Florence Nightingale: Health Pioneer

FLORENCE NIGHTINGALE: a pioneer of handwashing and hygiene for health

BY RICHARD BATES

This article first appeared on The Conversation (see below)

Florence Nightingale was born in Florence, Italy on May 12, 1820. She was named in honor of her birth city. During the Crimean War, she and a team of nurses improved the unsanitary conditions at a British base hospital, reducing the death count by two-thirds. Her writings sparked worldwide health care reform. In 1860 she established St. Thomas’ Hospital and the Nightingale Training School for Nurses. She died on August 13, 1910, in London.

The trailblazing nurse published her revolutionary work on public health and hospital design during her own quarantine.

According to Joshua Hammer, author of an article in the March edition of  Smithsonian magazine, “Researchers are calling attention to her pioneering work as a statistician and as an early advocate for the modern idea that health care is a human right.”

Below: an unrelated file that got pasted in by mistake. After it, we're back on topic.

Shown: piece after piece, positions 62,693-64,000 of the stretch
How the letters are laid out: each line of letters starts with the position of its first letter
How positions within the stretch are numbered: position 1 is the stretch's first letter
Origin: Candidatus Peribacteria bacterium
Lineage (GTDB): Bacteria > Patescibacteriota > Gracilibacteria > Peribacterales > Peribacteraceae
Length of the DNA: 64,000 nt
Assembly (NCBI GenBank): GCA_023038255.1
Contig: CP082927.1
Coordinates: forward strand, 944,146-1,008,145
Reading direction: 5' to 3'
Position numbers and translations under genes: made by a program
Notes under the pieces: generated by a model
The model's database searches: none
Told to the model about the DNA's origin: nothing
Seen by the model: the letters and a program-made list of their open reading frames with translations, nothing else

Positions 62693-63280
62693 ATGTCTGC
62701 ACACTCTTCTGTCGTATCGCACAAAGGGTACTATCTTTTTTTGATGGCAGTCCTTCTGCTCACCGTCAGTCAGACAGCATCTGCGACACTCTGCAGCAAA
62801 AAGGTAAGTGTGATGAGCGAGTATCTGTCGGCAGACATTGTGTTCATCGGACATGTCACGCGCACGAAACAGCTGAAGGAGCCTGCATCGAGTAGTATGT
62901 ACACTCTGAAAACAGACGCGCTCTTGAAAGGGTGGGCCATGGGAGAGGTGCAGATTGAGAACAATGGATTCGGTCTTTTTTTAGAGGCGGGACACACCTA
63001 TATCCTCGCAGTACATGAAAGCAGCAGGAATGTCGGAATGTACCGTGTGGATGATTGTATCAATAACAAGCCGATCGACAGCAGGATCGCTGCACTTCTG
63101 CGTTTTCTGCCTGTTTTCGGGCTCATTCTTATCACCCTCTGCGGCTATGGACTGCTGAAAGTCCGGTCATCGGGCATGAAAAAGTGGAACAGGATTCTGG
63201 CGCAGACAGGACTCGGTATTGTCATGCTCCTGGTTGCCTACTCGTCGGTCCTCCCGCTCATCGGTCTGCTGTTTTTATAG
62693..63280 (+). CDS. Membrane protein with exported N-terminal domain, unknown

Florence Nightingale: Changing the Field of Nursing – Fast Facts | History

 florence nightingale

Florence Nightingale, who was born 200 years ago, is rightly famed for revolutionizing nursing. Her approach to caring for wounded soldiers and training nurses in the 19th century saved and improved countless lives. Her ideas on how to stay healthy still resonate today – as politicians give official guidance on how best to battle coronavirus.

For example, although Nightingale did not fully subscribe to the idea that many diseases are caused by specific micro-organisms known as germs until she was in her sixties, she was well aware of the importance of hand-washing. In her book Notes on Nursing (1860), she wrote: Every nurse ought to be careful to wash her hands very frequently during the day. If her face, too, so much the better.”